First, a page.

This is not simply a timely review but a necessary one. Economists have come to realise the gaps in their knowledge of how regulation performs and what the best institutions are for on-going government intervention in the financial sector. The Prime Minister is well aware of these as he articulated in his much talked about essay for The Monthly. For these reasons, it is important to step-back and assess the new knowledge gained here and around the world and consider a greenfields approach to our set of financial regulations.

It is interesting that the proposal, floated although not necessarily endorsed in the letter, that a government-owned institution might have a competitive and stabilising role was picked up so strongly in the media. That policy likely has costs and benefits and only further investigation will determine its appropriateness. The media attention surrounding it only adds grist to the mill that considered policy evaluation is necessary in this sector. Indeed, it is in the major banks’ interest to get behind a new independent inquiry lest policies directed towards them continue to be enacted on the fly or in the midst of some new political storm in relation to bank profits.

Our goal here is to decouple of review cycle from the electoral cycle for banking. That is surely something many interested groups can support.

Joshua Gans is an economics professor at Melbourne Business School. The open letter can be viewed here: https://economics.com.au/?p=3816

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Macroeconomics in Online Opinion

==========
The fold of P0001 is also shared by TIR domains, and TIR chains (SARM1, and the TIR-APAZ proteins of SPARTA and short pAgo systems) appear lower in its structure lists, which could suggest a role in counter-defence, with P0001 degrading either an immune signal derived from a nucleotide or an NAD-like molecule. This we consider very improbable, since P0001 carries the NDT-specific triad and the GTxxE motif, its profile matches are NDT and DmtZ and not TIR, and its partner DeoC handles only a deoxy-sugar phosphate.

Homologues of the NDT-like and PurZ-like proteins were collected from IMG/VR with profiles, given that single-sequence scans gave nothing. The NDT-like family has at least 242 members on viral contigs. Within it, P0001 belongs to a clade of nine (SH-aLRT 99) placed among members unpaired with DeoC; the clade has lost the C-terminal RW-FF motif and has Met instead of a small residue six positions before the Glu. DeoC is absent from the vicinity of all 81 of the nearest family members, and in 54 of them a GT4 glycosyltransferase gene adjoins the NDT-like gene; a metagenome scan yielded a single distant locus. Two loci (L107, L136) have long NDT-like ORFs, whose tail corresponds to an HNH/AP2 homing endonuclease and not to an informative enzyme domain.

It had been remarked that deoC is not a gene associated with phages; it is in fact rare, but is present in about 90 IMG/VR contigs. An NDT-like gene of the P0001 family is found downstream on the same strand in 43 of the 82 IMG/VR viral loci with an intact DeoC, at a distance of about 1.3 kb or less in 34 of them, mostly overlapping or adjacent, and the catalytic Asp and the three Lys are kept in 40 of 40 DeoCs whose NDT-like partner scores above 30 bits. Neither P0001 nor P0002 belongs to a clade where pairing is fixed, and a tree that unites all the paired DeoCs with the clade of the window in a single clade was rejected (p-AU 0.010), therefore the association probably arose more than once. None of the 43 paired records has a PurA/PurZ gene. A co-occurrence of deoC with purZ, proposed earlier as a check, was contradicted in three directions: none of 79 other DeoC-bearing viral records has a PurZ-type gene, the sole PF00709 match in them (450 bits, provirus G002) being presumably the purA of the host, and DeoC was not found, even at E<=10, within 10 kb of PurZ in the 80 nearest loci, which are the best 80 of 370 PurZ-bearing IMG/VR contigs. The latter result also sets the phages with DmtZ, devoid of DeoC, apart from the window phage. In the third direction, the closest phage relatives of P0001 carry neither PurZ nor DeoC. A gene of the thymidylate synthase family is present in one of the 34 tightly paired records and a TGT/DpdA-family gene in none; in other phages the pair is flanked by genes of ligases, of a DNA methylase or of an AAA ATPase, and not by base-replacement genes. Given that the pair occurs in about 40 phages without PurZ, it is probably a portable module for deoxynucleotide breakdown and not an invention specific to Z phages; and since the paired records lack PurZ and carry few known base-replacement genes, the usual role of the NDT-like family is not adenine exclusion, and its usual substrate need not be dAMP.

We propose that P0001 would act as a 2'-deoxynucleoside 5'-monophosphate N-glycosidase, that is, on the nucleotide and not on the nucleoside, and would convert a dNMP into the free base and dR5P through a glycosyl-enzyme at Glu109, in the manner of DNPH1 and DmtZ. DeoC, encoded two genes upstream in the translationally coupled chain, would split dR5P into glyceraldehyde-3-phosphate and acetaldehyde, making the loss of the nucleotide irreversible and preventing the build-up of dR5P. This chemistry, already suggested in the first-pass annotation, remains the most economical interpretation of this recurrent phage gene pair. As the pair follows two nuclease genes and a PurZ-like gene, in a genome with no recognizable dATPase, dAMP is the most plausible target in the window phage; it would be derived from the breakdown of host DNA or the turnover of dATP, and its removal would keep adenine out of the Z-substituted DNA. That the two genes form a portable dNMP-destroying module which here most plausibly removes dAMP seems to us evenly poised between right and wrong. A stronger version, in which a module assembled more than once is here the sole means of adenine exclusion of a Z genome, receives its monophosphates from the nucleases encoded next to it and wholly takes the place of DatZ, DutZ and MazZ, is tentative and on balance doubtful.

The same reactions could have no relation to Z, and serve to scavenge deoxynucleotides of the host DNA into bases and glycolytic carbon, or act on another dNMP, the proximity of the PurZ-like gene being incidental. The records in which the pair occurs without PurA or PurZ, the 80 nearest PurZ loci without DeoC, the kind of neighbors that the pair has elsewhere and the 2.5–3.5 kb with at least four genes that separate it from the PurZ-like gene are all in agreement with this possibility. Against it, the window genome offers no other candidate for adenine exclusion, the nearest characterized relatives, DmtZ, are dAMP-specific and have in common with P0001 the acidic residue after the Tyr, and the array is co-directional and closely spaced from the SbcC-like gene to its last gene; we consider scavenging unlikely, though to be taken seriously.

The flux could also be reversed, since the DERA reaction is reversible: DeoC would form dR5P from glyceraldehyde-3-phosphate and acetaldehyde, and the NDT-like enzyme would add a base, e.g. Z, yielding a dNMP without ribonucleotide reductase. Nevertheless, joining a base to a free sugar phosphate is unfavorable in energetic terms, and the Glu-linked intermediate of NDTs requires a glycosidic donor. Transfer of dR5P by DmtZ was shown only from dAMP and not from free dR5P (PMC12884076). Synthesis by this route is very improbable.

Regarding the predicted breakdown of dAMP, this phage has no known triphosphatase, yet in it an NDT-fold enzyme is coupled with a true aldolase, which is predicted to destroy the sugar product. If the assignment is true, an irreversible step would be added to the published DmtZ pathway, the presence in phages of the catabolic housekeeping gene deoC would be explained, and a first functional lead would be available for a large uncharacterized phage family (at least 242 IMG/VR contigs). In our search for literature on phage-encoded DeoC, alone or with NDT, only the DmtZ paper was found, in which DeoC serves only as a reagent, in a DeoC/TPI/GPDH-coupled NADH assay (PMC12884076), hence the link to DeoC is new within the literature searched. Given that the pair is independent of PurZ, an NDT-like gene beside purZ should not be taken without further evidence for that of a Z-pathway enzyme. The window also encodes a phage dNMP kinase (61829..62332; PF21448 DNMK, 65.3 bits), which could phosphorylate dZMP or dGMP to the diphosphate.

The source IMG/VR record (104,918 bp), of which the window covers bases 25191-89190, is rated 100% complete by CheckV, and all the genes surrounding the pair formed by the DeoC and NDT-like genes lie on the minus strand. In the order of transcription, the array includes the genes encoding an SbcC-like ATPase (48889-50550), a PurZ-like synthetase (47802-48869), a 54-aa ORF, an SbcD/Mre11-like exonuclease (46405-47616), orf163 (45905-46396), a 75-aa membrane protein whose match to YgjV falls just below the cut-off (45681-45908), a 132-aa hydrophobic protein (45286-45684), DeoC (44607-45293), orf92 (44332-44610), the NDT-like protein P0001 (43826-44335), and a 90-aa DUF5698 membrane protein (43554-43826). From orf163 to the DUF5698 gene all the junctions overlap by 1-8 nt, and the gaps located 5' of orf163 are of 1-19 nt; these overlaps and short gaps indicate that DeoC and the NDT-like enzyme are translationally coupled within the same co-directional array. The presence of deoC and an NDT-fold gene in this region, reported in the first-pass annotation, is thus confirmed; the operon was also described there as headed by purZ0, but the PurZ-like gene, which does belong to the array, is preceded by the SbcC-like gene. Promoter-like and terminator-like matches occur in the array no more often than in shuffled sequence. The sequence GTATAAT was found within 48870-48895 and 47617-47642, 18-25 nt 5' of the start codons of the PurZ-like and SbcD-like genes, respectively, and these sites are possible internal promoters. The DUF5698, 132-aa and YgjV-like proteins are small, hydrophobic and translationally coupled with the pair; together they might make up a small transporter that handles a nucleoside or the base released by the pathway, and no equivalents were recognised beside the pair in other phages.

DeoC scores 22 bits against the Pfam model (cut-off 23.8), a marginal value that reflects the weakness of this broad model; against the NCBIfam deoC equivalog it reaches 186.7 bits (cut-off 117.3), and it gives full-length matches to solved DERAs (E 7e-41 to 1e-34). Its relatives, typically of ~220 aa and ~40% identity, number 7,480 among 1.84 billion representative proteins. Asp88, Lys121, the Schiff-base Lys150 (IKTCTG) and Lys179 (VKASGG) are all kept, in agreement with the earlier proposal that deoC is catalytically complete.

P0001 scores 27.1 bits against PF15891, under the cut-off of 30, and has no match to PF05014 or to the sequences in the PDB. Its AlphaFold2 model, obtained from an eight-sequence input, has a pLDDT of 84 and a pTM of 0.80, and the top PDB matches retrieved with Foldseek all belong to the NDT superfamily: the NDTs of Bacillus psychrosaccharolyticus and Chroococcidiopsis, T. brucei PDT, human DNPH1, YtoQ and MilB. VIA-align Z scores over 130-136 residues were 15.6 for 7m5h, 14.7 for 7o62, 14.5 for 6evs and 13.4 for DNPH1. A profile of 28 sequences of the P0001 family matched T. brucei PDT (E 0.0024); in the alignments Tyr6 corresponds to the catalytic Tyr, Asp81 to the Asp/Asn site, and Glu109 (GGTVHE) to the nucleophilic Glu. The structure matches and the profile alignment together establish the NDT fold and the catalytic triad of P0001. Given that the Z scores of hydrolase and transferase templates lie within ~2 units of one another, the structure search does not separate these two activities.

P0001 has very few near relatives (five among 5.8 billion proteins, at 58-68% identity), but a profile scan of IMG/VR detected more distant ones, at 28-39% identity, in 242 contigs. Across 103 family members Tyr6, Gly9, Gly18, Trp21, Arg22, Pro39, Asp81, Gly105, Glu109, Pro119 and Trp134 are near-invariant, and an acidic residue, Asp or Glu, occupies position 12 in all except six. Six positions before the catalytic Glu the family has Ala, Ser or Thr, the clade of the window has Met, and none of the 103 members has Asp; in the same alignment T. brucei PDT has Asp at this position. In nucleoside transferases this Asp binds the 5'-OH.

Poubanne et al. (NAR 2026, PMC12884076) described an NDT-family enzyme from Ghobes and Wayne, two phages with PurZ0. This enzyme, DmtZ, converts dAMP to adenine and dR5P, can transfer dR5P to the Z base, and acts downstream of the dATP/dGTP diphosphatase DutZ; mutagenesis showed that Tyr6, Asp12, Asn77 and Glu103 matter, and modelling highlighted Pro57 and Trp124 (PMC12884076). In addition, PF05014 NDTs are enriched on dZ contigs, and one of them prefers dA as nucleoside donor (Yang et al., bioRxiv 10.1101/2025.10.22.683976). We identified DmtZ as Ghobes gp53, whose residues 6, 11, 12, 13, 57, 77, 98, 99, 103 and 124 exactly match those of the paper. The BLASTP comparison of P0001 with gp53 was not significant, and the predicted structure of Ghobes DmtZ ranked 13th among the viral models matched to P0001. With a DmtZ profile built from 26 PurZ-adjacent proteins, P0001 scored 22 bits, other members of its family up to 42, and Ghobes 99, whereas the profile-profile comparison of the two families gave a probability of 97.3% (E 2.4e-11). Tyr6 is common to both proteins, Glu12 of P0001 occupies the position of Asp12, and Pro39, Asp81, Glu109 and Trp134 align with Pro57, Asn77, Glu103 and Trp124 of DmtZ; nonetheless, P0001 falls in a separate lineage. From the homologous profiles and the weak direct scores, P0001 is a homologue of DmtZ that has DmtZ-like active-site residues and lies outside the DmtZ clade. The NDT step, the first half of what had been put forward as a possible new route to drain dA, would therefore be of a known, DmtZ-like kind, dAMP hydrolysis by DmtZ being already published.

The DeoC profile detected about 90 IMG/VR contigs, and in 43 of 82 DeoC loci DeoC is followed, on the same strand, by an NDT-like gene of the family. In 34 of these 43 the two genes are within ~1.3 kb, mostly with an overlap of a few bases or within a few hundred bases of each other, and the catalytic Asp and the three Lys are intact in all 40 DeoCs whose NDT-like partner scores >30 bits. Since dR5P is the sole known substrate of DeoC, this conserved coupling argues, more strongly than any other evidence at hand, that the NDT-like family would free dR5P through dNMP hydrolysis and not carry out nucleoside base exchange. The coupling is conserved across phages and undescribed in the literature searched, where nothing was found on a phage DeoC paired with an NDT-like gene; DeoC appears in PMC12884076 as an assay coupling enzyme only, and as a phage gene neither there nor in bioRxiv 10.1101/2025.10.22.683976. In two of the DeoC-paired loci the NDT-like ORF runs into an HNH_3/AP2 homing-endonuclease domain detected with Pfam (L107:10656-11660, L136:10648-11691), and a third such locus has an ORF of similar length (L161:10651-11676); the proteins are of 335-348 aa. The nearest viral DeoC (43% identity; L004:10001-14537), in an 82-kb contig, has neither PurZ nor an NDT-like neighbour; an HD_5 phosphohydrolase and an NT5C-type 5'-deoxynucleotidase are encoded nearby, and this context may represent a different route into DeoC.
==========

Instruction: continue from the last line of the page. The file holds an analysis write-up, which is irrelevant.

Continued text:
It is one of those days. I wrote an article for Online Opinion on the GFC a week or so ago. It appeared today and is reproduced below.

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The crisis and the textbooks

Joshua Gans, Online Opinion, 8th July 2009.

In August, 2008, a month before the Global Financial Crisis hit with unmistakable impact, I received the galleys for the 4th edition of my textbook, Principles of Economics. It is the adaptation of Greg Mankiw’s leading US text (co-written with Stephen King and Robin Stonecash). The edition had changed only a little from the one three years earlier. Perhaps the most significant addition was an extended discussion of climate change policy but also the juicier examples coming from the Freakonomics-like microeconomic research that had so captured popular enjoyment of economics. By the time the text was finally published, the GFC was among us and it was hard to imagine how this could not be the central part of macroeconomic discussion, let alone be absent from this most recent of writings.

In many respects, this anecdote is as much about the lags in traditional publishing as it is about economics being somehow off-base. But it is also true that the speed with which the crisis developed from something familiar to something scarily unfamiliar was striking. How could it not change the way economics is taught?

Fast forward just a few more months to the present and my concerns that the crisis was not front and centre in the book have been allayed. This is not to say it will not feature next time around, it is that it will impact on 5 per cent rather than 50 per cent of your average first year economics class.

My reasoning for this is quite straightforward. Macroeconomics is a discipline that deals with the movements of aggregates. There are two things that drive these:

First, there are accounting identities such as how the components of national expenditures must sum to the level of production or how the capital account balance must offset the current account. These are immutable and do not change – crisis or no crisis.